Well, I was pretty happy with how they turned out. I used wooden embroidery hoops (5 inch, the part without the metal screw) and wrapped them in white stain ribbon, then elastic with two loops hanging out (those are for attaching them with bobby pins), then another layer of white satin ribbon, tucking in the blue silk flowers and the three dangling ribbons (made of wired ribbon, shown above rolled up and pinned to keep their shape), and finally one final wrap with some white beaded floral trim. The whole cost: Less than $10 for both of them.

I'm home from a 4-day business trip to New York, during which I found time to do some crafty shopping. I'll share pictures of that, some finished objects, and some new stuff for my etsy shop this week. Promise.

Tuesday, May 22, 2007

Brrrr baseball

"Time spent laughing is time spent with the gods." (Japanese proverb)

Check out these cute cookies! I made them for the Brewers/Twins game we went to in Miller Park on Sunday. The baseballs were cut from a tin can, but I had cookie cutters to do the baseball gloves (the Brewers' retro logo) and the Wisconsins (those are upside down "W"s not "M"s). I used the Schlumpf favorite Sugar Cut-out recipe from my kindergarten teacher.

The cookies were my contribution to the tailgate party wtih my parents and my godparents, Betty and Mike (pictured below). It was downright chilly (in the 40s!) but that didn't deter diehard Wisconsinites from grilling brats in the parking lot before the game. Cheeseheads have lots of rah-rah school spirit. More photos on my Mom's blog.

I hadn't seen my godparents in several years, and they had never met my husband, so it was a nice visit. I was also able to show off some of my new purses, which I will post about in the next day (as soon as I get my camera back. I left it at one of this weekend's many parties).

Weekend fun included:
  • Becky's party celebrating her graduation from CTU.
  • This play at the Goodman Theater. I didn't care for it.
  • Little Lincoln's blessing ceremony. So touching! And the twins came, too!
  • A going-away party for Nick and Sandra, who are off to England.
  • The Brewer's game
  • A visit to our former neighbor's new house, which is shaping up really quickly!
I'm off to New York tomorrow for a work conference, but I hope to have a little fun there too. Any suggestions? I hope to make it to the Japanese bookstore that Manda just visited. I'll be staying just over the bridge in Brooklyn.

Friday, May 18, 2007

Girl Scout camping

"On my honor, I will try: to serve God and my country, to help people at all times, and to live by the Girl Scout Law." (Girl Scout Promise)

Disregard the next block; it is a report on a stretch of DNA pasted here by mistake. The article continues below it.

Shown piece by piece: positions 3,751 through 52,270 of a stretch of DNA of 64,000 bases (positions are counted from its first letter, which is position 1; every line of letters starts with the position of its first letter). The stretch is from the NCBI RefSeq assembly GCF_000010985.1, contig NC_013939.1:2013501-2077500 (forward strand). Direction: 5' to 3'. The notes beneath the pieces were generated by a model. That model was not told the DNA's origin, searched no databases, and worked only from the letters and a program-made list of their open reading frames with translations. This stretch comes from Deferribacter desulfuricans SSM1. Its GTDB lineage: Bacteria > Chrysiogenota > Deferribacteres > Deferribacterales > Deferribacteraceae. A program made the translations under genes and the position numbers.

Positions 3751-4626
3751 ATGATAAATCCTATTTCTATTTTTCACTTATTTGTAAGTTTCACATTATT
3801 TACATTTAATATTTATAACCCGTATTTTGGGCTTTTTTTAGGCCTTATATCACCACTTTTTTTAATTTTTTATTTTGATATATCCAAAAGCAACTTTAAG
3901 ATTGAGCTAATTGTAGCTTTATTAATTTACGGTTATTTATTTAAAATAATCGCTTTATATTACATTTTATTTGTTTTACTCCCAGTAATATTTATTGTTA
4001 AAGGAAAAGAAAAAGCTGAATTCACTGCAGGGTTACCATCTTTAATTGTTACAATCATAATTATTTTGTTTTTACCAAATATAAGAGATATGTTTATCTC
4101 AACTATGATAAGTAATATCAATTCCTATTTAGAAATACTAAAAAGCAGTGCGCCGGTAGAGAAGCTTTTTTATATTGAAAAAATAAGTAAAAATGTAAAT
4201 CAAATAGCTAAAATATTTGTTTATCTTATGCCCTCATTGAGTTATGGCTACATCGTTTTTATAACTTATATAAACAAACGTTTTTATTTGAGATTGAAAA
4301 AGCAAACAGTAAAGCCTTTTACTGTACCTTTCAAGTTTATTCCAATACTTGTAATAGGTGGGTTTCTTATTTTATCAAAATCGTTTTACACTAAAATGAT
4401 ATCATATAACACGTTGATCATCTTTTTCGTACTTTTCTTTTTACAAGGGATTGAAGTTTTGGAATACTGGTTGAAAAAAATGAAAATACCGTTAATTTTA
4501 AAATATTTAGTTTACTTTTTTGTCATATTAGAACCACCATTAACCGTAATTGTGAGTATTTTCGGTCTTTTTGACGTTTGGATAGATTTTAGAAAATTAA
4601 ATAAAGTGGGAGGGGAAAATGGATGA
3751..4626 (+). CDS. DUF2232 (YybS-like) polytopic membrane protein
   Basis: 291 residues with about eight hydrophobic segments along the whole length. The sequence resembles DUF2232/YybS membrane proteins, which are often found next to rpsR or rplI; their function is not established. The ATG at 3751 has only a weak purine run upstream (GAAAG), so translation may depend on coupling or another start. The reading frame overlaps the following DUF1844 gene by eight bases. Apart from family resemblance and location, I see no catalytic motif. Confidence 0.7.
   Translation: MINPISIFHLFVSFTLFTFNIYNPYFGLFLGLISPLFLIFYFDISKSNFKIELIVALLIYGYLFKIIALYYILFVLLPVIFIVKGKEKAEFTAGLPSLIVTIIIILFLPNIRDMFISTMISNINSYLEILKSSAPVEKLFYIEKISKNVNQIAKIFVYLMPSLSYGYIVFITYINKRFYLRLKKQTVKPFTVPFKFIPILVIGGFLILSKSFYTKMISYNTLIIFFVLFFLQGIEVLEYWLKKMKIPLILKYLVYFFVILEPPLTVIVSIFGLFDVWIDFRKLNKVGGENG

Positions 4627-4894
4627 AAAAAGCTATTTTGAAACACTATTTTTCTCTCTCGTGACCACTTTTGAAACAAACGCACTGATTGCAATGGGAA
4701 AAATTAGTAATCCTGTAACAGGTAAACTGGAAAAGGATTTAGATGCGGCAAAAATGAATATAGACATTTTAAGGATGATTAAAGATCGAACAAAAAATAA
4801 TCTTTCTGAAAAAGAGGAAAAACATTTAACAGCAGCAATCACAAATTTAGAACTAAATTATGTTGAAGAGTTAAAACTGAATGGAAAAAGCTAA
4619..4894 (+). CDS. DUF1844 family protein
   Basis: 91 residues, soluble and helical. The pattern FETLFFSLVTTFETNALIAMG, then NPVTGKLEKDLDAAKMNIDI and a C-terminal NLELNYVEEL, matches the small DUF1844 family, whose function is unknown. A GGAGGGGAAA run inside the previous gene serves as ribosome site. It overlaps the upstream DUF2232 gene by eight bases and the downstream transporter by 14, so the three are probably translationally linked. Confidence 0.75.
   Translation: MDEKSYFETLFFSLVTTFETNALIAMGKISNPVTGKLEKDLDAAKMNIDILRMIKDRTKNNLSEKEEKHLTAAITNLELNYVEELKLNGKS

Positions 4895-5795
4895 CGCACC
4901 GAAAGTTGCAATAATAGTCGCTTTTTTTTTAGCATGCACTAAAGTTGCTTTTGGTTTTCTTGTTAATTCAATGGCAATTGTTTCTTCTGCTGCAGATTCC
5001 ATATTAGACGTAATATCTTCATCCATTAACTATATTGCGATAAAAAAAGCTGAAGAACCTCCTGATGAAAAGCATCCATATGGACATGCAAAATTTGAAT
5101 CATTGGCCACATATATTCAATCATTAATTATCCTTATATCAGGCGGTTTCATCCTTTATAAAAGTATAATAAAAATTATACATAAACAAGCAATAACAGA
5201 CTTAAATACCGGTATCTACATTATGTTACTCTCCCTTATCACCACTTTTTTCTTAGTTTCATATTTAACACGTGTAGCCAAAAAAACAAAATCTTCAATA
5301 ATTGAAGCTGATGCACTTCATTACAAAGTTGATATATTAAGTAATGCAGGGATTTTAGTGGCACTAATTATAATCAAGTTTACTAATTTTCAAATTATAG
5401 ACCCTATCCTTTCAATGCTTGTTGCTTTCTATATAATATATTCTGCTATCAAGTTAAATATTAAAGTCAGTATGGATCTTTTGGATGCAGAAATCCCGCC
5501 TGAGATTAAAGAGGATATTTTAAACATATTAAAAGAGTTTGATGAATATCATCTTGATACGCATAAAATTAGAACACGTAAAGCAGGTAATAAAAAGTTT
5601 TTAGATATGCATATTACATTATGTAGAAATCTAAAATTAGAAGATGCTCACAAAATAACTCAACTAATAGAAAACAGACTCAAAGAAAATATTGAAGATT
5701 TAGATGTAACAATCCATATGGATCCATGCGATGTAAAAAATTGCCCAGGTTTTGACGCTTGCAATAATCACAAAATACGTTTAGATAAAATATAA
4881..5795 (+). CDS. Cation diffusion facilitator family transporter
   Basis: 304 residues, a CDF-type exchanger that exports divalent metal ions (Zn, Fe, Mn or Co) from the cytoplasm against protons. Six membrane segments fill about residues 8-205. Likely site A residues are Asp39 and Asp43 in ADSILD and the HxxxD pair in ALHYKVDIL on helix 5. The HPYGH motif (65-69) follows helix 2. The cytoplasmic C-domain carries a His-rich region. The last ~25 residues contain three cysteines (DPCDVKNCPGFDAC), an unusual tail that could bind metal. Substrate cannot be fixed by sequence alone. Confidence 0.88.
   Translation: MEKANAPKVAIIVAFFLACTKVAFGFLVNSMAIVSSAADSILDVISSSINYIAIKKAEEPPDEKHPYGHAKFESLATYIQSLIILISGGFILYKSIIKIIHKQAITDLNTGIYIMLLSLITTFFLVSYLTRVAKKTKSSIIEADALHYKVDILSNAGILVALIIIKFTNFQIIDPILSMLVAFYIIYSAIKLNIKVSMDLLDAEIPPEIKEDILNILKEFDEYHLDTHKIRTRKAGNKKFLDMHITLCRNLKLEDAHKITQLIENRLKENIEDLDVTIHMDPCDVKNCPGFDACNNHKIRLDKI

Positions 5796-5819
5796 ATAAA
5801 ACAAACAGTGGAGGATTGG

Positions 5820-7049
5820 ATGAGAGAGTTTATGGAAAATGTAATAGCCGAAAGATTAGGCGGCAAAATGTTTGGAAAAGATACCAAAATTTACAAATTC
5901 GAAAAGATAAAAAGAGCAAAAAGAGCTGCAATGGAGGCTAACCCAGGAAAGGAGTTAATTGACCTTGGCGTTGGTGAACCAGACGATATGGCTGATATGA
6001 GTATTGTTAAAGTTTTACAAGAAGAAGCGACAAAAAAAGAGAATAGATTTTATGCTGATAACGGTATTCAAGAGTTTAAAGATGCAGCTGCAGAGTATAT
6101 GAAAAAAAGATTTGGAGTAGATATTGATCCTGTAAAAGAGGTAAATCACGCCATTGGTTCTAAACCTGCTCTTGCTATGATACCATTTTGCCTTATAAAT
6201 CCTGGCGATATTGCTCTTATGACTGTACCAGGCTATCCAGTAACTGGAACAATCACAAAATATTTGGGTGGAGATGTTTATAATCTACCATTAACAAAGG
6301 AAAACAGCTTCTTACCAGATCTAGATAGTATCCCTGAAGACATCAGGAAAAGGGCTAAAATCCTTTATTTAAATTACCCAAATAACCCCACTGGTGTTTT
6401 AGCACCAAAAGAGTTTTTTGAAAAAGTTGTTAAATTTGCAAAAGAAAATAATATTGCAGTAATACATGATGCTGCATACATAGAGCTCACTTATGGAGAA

"I know a weenie man, he owns a weenie stand..." (Camp song)

This is a belated post of my camping fun last weekend; also a belated tribute to one of the best moms I know (in addition to my own): my sister Amy. That's her at right with the walkie talkie and whistle. Boy, did she like that whistle. But all she had to do was tweet it three times and all those Scouts would come running to the fire circle. Impressive!

In an act of pure sisterly love, I went practically straight from the oral surgeon last Friday to meet my sister for this overnight camping trip with a dozen 12-year-old girls. Call me crazy, but it was actually really fun. I was pleasantly surprised at how nice and helpful all the girls were, including my niece Clare.

It was also a nostalgic trip down memory lane, as my sister and I went to weeklong Girl Scout camp with our cousins at Camp Nawakwa in Wisconsin when we were young. I also went to Brownie Day Camp, where I learned the important craft of making sit-upons out of vinyl fabric. Seriously, I do credit Scouting with encouraging me in everything from crafting to leadership. Although I don't think I would have my sons join Boy Scouting (I know there's good things about it, but I don't agree with their policy on gays), I do think Girl Scouting is wonderful.

But back to Amy. As the second child, she has always felt deprived since my mom volunteered to be my cheerleading mom and Girl Scout leader, but not hers. So I wasn't surprised that she ended up a Brownie and now Girl Scout leader for her daughter. She is a natural. She had so many cool things planned for the girls--hike, skits, learning to whittle, making a fire, Girl Scout cookie S'mores (yum!), friendship bracelets, and more. We all had camp names. Mine? Knitter, of course. Check me out trying to work on this baby sweater around the campfire!

Amy has promised that when my daughter is in Girl Scouts she will help me with her camping trip. Just wanted to get it in writing here for future.

Monday, May 14, 2007


"Beware when you think you finally have it all. That is the invariable sign that you may not even have begun to get what is really important in life." (Joan Chittister, O.S.B., The Monastic Way, October 2003)

I haven't posted a knitting WIP (Work in Progress) in awhile, and Sue asked about the baby sweater I'm working on, so I thought I'd show what I have so far. I'm using Yarn Harlot's Daisy Sweater pattern (on Knitty here), which I've made once before in blue wool for my friend D'Arcy's baby.

Now I'm "using what I have" (like Rebecca), which in this case is Paton's Katrina yarn in a soft sage green (used it once before in a smaller baby sweater here). I'm a little worried because I only have three skeins and I'm doing the larger size for a special little boy who's having a blessing/dedication this weekend. At this rate, I probably won't be done. This is a nice, stretchy yarn that I think will make a light summer sweater so I'd better finish it soon.